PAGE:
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Brighter days for Egyptian economy. Entrepreneurial spirit blossoms, reflecting new private sector confidence

A ``made in Egypt'' campaign is beginning to pay off. If the government's year-old program continues to work, it could bring some long-needed fundamental changes to the Egyptian economy and put it on the path to recovery, economic analysts here say.

In recent years, imports in Egypt have grown to four times the value of exports. The country imports more than 50 percent of its food needs. As Egypt's traditional sources of foreign currency - oil revenues, Suez Canal tolls, and tourism - began to dwindle in 1985, it became increasingly difficult to finance the country's imports or to pay on its $40 billion debt.

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Egypt faced a major obstacle to economic recovery: the lack of local industries that could satisfy domestic demand and produce for export.

But now, things are changing. Scores of Egyptian businessmen who once might have gone into the import trade have begun to manufacture consumer goods locally - some in large factories, some in cottages, and others in tiny home workshops. Though the results are still limited, they are economically significant.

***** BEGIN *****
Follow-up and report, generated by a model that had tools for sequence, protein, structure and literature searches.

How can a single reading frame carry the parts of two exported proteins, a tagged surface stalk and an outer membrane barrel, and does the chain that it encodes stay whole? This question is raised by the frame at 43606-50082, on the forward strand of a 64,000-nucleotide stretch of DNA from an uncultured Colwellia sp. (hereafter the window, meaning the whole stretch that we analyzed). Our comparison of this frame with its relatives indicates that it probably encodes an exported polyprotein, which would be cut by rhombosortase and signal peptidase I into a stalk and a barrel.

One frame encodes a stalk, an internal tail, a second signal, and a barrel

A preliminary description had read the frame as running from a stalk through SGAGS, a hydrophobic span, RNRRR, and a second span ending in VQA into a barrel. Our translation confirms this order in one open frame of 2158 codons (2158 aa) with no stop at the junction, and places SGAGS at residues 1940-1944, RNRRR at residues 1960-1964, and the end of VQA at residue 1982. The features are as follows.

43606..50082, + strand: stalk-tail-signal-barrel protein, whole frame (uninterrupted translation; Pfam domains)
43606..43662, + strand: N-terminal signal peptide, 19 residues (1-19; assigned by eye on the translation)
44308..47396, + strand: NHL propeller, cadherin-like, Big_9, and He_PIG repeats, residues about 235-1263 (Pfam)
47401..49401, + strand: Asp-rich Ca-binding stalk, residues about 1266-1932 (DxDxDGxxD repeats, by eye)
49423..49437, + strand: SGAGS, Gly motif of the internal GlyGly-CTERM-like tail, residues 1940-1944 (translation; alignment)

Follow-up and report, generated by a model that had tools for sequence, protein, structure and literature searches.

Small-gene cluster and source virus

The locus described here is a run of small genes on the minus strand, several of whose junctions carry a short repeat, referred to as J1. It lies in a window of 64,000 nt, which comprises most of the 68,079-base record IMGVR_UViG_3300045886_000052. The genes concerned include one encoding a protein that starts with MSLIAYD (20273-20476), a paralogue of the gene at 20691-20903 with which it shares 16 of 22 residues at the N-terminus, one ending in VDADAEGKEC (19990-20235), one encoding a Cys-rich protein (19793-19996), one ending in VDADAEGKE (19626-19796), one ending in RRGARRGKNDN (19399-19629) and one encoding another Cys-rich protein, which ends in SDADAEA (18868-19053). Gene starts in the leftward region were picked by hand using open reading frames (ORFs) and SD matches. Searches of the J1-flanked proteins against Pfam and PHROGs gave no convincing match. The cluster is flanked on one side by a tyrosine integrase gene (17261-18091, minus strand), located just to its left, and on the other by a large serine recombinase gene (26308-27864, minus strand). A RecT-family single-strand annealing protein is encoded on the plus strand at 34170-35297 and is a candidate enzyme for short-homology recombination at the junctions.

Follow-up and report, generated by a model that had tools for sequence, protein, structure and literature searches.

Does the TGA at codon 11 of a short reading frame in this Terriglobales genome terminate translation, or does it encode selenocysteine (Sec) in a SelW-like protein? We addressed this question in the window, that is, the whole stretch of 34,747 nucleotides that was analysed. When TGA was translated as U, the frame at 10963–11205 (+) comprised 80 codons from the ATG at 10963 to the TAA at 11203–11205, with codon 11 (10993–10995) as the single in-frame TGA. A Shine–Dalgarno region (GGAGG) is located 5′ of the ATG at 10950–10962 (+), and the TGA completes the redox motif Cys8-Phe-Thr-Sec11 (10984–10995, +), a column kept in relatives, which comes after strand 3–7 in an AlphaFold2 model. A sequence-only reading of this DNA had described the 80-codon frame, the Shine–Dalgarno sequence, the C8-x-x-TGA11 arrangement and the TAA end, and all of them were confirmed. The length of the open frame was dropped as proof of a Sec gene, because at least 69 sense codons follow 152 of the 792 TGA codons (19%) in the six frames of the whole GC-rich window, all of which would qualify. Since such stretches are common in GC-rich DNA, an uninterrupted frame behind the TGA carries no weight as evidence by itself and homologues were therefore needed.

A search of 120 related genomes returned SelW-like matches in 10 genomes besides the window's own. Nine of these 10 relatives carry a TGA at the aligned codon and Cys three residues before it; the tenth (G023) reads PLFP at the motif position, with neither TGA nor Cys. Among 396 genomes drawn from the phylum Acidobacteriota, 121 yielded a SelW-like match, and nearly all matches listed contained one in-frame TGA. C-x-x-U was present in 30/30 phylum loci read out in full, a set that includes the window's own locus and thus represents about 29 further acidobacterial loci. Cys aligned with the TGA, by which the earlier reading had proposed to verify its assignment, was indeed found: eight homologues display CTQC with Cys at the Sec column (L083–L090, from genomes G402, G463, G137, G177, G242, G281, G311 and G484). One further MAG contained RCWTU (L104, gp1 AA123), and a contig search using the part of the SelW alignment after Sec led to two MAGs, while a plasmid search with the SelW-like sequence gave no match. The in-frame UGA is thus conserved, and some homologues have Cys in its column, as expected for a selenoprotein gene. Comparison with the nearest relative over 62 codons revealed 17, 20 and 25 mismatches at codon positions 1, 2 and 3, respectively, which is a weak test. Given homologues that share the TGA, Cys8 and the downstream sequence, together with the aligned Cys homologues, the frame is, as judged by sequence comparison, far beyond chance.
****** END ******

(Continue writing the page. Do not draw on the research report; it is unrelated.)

This local manufacturing trend - mostly visible in consumer goods like finished textiles and processed foods - indicates that entrepreneurs here have new confidence both in the government's resolve to curtail imports and in the vast market that Egypt's 50 million people represent.

Now, not only are new consumer industries sprouting, but also factories established a few years ago using available raw materials and cheap labor are beginning to sell their products abroad. They could be the vanguard of a new trend moving toward self-sufficiency.

``We have won in convincing business that we are serious in protecting and encouraging the private sector,'' says Atef Ebeid, minister for Cabinet affairs, one of the officials involved in economic decisionmaking. The government wants to expand private-sector production - now one-third of total production - because it is more efficient than the sluggish public sector.

``This year, it's the year of made-in-Egypt,'' says Marilene Ashba, a partner in Mobaco, one of the overnight success stories in ready-to-wear Egyptian clothing. ``There is a huge market here and people are realizing it.''